view counter

A notice of deficiency was mailed to Miss Walker on November 4, 1960. The ninety-day period within which Miss Walker could have filed a petition for redetermination of the deficiency expired on February 2, 1961. No petition having been filed within that period the Internal Revenue Service was entitled to proceed with assessment and collection proceedings on February 3, 1961. The taxes were not assessed until August 25, 1961. Thus none of the circumstances exist which, despite the prohibition of section 7421(a), would have conferred jurisdiction on the district court to enjoin the assessment and collection of the tax.


It is true that Miss Walker filed an untimely petition with the Tax Court for a redetermination of the deficiency, such petition being filed on February 7, 1961. But if the filing of an untimely petition gives effect to that provision of section 6213(a) which states that '* * * if a petition has been filed with the Tax Court * * *' no assessment or collection proceedings may be had '* * * until the decision of the Tax Court has become final. * * *' the result is nevertheless the same as indicated above.


The order of the Tax Court dismissing the petition for redetermination was entered on April 26, 1961. Miss Walker did not petition for a review of that order and therefore, under section 7481(1) and 7483 of the Code, the decision of the Tax Court became final upon the expiration of the time for seeking such review. That time expired on July 26, 1961, three months after the order was entered. See Lasky v. Commissioner, 9 Cir., 235 F.2d 97, 98, aff'd per curiam, 352 U.S. 1027, 77 S.Ct. 594, 1 L.Ed.2d 598. As before stated, the taxes were not assessed until August 25, 1961.


However, apart from the provision of section 6213(a), which, as we have indicated, permits such injunction suits only under circumstances not here present, the rule is established that, under other extraordinary and exceptional circumstances such a suit may be maintained notwithstanding section 7421(a). Thus, in Miller v. Standard Nut Margarine Co., 284 U.S. 498, 510, 52 S.Ct. 260, 263, 76 L.Ed. 422, where it was sought to enjoin the collection of federal oleomargarine taxes, jurisdiction was held to exist because the court found that '(a) valid oleomargarine tax could by no legal possibility have been assessed against * * *' the manufacturer.1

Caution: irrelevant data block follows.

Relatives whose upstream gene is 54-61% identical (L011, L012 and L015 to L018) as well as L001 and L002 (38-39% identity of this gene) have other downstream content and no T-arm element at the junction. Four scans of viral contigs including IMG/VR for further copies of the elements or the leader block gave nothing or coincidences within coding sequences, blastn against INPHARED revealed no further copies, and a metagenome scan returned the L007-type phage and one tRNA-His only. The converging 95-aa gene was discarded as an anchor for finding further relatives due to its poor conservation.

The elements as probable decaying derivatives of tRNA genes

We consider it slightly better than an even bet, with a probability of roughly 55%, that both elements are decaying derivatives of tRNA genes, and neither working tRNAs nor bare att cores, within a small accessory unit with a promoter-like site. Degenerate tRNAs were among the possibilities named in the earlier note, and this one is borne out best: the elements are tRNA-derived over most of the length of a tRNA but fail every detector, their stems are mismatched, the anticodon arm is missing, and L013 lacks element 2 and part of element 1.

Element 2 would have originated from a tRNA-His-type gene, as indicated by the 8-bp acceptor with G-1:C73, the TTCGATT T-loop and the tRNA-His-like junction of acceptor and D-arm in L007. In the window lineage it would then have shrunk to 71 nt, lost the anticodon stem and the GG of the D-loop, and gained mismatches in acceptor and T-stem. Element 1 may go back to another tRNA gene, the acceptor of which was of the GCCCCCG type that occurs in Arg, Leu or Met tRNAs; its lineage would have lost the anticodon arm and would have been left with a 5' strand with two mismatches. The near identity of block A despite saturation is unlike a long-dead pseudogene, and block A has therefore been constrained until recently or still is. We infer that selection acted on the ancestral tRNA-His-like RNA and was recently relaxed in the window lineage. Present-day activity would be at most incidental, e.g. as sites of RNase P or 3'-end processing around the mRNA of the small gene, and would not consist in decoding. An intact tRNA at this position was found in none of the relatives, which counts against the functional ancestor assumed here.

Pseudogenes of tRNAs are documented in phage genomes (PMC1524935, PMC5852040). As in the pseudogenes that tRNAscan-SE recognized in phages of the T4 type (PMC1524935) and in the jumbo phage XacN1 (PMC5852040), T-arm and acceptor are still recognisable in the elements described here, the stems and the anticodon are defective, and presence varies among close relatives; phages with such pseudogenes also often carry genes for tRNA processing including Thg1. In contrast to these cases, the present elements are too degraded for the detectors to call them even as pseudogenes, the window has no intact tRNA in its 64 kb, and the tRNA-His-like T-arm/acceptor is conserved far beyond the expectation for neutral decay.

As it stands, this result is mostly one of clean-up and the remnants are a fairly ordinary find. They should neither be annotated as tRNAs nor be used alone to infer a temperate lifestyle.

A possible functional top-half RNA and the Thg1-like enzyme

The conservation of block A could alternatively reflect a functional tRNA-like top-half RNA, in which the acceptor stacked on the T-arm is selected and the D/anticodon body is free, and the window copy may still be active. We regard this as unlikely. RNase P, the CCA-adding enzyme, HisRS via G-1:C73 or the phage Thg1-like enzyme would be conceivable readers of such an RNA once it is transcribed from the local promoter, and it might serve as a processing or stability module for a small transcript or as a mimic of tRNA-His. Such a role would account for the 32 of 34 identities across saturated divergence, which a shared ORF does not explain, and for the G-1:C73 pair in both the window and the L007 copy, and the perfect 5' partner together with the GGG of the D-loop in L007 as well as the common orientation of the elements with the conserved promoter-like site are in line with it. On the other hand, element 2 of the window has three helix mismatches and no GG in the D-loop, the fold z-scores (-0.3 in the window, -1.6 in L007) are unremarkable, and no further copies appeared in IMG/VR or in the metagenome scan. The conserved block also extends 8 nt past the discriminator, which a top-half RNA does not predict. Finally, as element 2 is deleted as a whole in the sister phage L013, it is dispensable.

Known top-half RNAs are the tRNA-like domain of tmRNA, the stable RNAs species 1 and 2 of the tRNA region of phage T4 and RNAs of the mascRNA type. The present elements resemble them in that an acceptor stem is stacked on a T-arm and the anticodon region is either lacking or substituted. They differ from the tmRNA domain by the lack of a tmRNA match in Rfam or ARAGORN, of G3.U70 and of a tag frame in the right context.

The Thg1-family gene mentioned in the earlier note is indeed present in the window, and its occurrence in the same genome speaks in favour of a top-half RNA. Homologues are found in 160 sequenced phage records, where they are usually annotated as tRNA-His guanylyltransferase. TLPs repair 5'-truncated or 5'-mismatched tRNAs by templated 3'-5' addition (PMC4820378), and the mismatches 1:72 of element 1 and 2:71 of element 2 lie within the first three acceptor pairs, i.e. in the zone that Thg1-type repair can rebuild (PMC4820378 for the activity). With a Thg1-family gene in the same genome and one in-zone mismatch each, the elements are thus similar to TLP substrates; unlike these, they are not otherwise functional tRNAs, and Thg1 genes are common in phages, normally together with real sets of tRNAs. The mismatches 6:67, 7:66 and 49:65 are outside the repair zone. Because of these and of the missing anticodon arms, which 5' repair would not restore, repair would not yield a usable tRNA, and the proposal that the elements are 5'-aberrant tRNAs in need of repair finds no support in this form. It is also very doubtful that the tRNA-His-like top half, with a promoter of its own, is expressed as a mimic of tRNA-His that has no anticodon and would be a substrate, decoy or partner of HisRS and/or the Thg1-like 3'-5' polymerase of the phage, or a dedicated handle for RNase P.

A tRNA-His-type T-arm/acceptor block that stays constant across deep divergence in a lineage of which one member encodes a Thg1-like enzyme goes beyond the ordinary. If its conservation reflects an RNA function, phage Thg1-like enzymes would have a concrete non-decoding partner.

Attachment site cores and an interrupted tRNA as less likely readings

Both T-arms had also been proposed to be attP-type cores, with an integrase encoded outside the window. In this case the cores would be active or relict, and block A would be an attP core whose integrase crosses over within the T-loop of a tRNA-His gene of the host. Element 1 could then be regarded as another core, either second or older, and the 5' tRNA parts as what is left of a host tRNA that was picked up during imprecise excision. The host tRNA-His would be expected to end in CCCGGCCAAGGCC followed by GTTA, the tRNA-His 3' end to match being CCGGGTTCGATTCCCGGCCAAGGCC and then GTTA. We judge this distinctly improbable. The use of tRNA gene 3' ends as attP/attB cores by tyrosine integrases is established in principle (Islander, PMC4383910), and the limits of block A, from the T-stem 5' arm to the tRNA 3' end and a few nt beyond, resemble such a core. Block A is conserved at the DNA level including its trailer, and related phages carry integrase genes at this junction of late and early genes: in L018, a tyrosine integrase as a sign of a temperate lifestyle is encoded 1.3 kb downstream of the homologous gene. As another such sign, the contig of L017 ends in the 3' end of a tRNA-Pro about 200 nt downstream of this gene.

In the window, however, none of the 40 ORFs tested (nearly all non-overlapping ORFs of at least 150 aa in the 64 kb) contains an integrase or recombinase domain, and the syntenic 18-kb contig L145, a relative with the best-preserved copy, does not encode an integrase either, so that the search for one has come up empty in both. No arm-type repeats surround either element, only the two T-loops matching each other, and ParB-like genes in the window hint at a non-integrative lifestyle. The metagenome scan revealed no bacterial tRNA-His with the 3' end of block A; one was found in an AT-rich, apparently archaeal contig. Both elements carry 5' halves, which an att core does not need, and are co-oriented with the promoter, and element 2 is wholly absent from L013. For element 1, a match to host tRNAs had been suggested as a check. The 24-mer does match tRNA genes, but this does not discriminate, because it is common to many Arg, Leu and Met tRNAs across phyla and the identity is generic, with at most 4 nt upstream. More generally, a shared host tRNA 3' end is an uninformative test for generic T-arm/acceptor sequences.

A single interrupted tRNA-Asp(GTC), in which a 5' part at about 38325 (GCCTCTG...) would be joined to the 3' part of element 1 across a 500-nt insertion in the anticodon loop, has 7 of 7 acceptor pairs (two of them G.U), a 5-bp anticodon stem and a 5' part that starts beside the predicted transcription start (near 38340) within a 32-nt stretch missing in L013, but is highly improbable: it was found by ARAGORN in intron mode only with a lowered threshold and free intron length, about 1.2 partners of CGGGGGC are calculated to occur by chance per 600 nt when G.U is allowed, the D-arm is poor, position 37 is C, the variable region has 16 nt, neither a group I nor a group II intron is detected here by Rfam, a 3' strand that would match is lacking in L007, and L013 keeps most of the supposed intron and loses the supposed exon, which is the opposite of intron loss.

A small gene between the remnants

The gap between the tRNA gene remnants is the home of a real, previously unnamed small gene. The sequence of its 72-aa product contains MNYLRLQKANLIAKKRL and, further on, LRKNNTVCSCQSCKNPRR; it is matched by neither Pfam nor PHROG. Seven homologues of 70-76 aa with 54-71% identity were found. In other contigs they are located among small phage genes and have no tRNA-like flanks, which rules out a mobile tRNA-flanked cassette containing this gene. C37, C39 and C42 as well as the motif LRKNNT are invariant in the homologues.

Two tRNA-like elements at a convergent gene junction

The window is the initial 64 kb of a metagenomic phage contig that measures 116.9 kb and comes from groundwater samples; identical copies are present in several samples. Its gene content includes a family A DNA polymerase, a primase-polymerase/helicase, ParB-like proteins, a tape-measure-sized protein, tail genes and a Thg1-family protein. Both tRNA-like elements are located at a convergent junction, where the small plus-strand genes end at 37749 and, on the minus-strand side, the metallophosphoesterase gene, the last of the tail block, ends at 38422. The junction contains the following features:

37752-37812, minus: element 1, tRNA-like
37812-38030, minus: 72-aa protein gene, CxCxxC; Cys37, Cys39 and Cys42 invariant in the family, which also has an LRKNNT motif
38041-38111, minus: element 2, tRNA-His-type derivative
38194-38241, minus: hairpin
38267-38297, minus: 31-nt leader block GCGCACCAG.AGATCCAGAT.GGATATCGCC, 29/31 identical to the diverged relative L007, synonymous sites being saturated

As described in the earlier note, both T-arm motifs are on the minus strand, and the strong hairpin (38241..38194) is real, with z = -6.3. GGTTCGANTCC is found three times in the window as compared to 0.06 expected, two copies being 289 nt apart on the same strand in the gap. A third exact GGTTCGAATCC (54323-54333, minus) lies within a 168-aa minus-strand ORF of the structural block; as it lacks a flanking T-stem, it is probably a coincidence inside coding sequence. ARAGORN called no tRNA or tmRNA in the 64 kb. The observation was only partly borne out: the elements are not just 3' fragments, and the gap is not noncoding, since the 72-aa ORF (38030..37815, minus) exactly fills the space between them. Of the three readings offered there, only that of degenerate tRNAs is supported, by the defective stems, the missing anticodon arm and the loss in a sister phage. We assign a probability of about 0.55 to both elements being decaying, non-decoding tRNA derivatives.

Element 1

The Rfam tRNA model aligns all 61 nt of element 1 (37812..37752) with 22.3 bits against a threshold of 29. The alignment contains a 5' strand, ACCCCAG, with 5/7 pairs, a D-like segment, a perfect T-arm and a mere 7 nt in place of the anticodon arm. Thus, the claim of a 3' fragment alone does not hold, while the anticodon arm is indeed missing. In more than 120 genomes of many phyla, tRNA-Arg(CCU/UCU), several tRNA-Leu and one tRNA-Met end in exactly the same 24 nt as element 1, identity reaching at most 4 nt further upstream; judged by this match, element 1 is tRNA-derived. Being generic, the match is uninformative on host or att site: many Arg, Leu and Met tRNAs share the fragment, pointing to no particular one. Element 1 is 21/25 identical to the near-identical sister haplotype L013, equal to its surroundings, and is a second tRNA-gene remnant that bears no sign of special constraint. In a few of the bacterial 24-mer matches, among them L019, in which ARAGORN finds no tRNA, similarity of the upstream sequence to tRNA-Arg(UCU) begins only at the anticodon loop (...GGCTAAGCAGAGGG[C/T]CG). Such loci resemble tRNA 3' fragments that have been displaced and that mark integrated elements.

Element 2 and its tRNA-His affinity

In Enochs v. Williams Packing Co., 370 U.S. 1, 82 S.Ct. 1125, 8 L.Ed.2d 292, the Supreme Court had occasion to restate the principle applied in the Miller case. An effort was there made to enjoin the collection of past due social security and unemployment taxes. They were assessed on the theory that certain fishermen were employees of the taxpayer-corporation which was engaged in the business of providing trawlers to fishermen. The district court found that the company was wholly without any right of control over the fishermen and that therefore no employer-employee relationship existed. The company maintained that if it were required to pay the entire assessment and then sue for a refund, it would be thrown into bankruptcy.


In holding that district court jurisdiction was lacking under these circumstances, the Supreme Court rule that section 7421(a), forbidding suits to enjoin the assessment or collection of taxes, may not be held to be inapplicable unless: (1) it is established that the legal remedy is inadequate, and (2) it is apparent that, under the most liberal view of the law and the facts, the United States cannot establish its claim.2